The Dragons of Christmas

Perhaps I’d still be a Christian had there been more dragons. Many elements of the traditional Nativity scene — in particular, any animals whatsoever — aren’t Biblically canonical. They all derive from apocryphal scriptures, essentially early Church fanfic, such as this passage from Pseudo Matthew about the infant Jesus and the dragons during the flight … Continue reading The Dragons of Christmas

A New Viking Discovery in Canada

The potential discovery of another Viking settlement in Newfoundland is thrilling, especially because the site was found from space. It also doesn’t surprise me. The Vinland Sagas end around the year 1000. However, from other sources, such as the writings of Adam of Bremen, we know the Vikings’ activities in Vinland continued into the 13th-century … Continue reading A New Viking Discovery in Canada

Remembering Grover’s Mill

Today’s episode of Garrison Keillor’s The Writer’s Almanac begins thusly: “It was on this day in 1938 that a cylindrical Martian spaceship landed in Grover’s Mill, New Jersey, and began incinerating onlookers with an alien heat ray, an event that was covered by the Columbia Broadcasting System and its affiliated stations, and that caused widespread … Continue reading Remembering Grover’s Mill

The Death of Christopher Marlowe

Yesterday at work, when writing catalog copy and assembling order forms and organizing name badges for the Retailer Summit, I listened to a several hours’ worth of BBC Radio dramas. Besides the first two episodes of “A Place of Greater Safety,” an adaptation of the novel about the French Revolution by Wolf Hall‘s Hilary Mantel, … Continue reading The Death of Christopher Marlowe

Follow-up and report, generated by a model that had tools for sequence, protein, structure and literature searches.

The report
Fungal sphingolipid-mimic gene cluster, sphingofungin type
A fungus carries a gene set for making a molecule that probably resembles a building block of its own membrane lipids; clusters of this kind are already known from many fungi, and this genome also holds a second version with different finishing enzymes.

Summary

The Confederacy and Maryland’s State Flag

In the wake of the Charleston shootings, the Baltimore Sun has an article today about removing Confederate symbols from Maryland’s license plates (which is now possible thanks to a Supreme Court ruling last week that allowed Texas to ban it) and renaming Robert E. Lee Park in Baltimore. The article doesn’t address the most prominent … Continue reading The Confederacy and Maryland’s State Flag

Uncovering the Story of a Lost Church

There’s a website (and Twitter feed) that I like to follow called Ghosts of DC. It posts articles and pictures of Washington, DC as it was decades ago, from the wood etchings era of the early 1800s to the dawn of photography a few decades later to color photography in the 1950s. It’s fascinating to … Continue reading Uncovering the Story of a Lost Church

Gallipoli, an Historical Blunder

This afternoon I listened to a BBC World Service podcast, part of their “War that Changed the World” series on World War I, about the Australian experience at Gallipoli. Gallipoli, for those who don’t know a great deal about World War I, was Britain’s attempt to open a second front by capturing the Dardanelles, the … Continue reading Gallipoli, an Historical Blunder